There are quite a few firsts for this zombie film, namely coming from director Corbin Bernsen (yes, the L.A. Law actor and who has done a fair share of horror films one of them The Dentist , now stepping behind the lens), using the first time horror script from Kenny Yakkel, to create a social dynamic movie, with comparisons to Pontypool (2008). The completely saving grace of this film comes from talents of legendary horror star Bill Moseley (Big Top Evil ), giving drama filled fluid dialogue as DJ, who’s facing unprecedented news reporting with striking similarities to Howard Stern.
Bill, portrays an ego chest thumping king of the airwaves, Logan Burnhardt, with a pompous mentality, and his staff’s job lies in supporting his rye jokes, and insulting demeanor to call-in guests, though the substance of this night of terror battle his own personal issues and demons. This evening’s topic surrounds paranoia and the fakery of the Taj Mahal, involving falsehoods riling the masses into committing outrageous concepts for their own benefits, typical aspects for the shock jock, filled with insults of all types of portions. Accompany, Bill’s character in the studio, Gil (David Moscow) as likely comrade, with a passion for comedy to play opposite of an imposing smooth talking scene-stealer Logan. In addition, rounding his crew, soundboard engineer Burt (Joshua Feinman) and his station manager Lucy (Patricia Tallman (Night of the Living Dead )) both who provide excellent pushback against Bill scenes, and his intensity. Soon enough news broadcasts enter into the sanctum of the studio, of terrorist bombings at a sporting event, and the sense of panic fills the room, and mirrors those, which occurred in real life on September 11, 2001. This showed great focus from Corbin, and holds the attention of the viewer, as mixed broadcasts on infections surface having the shifts emotions to the concerns of families. The attack has callers blaming one group for the incident, and their most passionate dedicated fan, Vernon (Larry Drake, of Dr. Giggles and from the alum of L.A. Law) provoking more incinerating language. Lastly, another colleague from Corbin’s famed law series comes from Susan Ruttan in the form of a zombie secretary in the accounting department. As the contagion spreads in the air, the infection it causes activities through bleeding eyes, and other orifices, and consequently becomes a flesh-tearing maniac, as oppose the term zombie.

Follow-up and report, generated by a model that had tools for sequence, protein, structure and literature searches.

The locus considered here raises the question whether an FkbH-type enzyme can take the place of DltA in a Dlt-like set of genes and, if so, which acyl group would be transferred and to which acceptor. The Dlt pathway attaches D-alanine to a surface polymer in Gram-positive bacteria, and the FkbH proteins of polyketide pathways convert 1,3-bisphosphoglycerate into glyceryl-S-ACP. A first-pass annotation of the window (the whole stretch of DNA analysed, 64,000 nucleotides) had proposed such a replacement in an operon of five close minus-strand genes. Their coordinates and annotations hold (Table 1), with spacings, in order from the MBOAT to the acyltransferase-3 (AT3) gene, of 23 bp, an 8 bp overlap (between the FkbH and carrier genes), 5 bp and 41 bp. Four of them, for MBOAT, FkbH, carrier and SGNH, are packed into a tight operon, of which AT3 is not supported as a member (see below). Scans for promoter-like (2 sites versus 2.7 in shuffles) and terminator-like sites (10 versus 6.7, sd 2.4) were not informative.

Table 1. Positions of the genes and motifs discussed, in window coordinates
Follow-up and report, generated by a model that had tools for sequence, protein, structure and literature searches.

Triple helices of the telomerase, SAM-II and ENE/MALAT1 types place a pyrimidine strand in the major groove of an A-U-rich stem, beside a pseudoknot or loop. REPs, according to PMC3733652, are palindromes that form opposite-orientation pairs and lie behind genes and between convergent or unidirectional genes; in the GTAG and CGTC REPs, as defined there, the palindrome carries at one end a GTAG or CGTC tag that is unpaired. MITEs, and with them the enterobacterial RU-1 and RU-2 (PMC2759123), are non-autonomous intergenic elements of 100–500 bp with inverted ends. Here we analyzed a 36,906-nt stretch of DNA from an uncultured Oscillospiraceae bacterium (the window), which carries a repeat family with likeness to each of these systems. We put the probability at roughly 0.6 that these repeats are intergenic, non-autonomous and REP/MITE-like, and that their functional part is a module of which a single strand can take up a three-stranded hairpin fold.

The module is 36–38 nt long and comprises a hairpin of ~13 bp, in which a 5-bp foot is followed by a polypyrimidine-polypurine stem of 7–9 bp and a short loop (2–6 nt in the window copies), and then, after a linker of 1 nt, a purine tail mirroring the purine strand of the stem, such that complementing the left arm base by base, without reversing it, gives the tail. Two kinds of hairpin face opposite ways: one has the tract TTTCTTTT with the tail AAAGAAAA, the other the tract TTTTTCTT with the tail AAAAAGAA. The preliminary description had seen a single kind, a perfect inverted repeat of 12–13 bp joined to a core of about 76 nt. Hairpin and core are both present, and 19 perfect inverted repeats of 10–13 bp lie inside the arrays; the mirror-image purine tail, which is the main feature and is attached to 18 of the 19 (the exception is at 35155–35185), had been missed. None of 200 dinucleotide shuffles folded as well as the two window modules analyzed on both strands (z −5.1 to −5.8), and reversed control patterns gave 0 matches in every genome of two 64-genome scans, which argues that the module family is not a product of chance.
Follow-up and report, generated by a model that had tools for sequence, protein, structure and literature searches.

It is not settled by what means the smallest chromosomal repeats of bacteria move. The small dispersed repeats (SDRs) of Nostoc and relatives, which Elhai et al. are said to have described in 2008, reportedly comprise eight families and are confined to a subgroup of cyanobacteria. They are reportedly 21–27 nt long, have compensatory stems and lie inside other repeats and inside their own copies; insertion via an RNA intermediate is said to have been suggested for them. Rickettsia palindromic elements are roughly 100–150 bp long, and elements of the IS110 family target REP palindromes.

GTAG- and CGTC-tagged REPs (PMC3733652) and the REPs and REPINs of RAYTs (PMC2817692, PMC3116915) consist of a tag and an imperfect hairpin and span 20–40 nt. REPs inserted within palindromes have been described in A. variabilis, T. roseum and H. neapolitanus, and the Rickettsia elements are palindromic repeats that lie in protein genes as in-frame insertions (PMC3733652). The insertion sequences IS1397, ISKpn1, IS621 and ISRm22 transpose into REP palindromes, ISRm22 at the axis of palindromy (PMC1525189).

The zombie creation, the viewer’s learn occurs across the country in major cities, through a biological dirty bombs, and yet the movie sets itself to a higher level and later becomes more preaching, social condemning of hatred among religious factions in society. Here, again, the dynamic structures in the zombie sub-genre, the radio station personnel as was the television crew in Dawn of the Dead (1978) concern for their lives and families, and less of understanding the panic and reporting properly. Then again, no one could set blame upon, them, when crisis occurs in real life, many individuals make immediate calls to check on love ones, and while George A. Romero passionately pleads that avenue, Corbin lacks the conviction. In addition, Bernsen, who had limited experience as a director, but not in the horror genre, the concepts laid out in the script never make the impact on the screen. The cinematography leaves much desire, the zombies (or maniacs) never truly show the gut-munching scenes, almost as if prepped for the small screen of television broadcast. The overall film lacks the scares, the tense moments generate quickly yet never last very long, and multiple questionable cuts occurred throughout the production, eliminating the actor’s exchange of emotions. The few minor moments of horror, actually occur through a chase sequence involving character Gil, and his hero moment to rescue Logan’s family, and yet again, the explicit violence grows smaller, hence reducing suspense greatly, the complete opposite sought in a horror film.
In the entire scope of the zombie genre, with all sorts of plot lines and Dead Air, still holds some positive ground, and opens the avenue to the new and real life threat of dirty bombs, terrorists, the fear gathering attention in news media and from shock jocks, signaling alarms for more horror in this direction. Moseley’s performance, makes this film a must see, as he covers a full spectrum of emotions, from caring to angered fueled rage.
This review was originally published in March 2015 on the now defunct Rogue Cinema website and had a view count of 1,633.
- All America’s worst fears. Realized. At once.
- Spreading nationwide Winter 2008
IMDb Rating: 5.2/10
Baron’s Rating: 5.0/10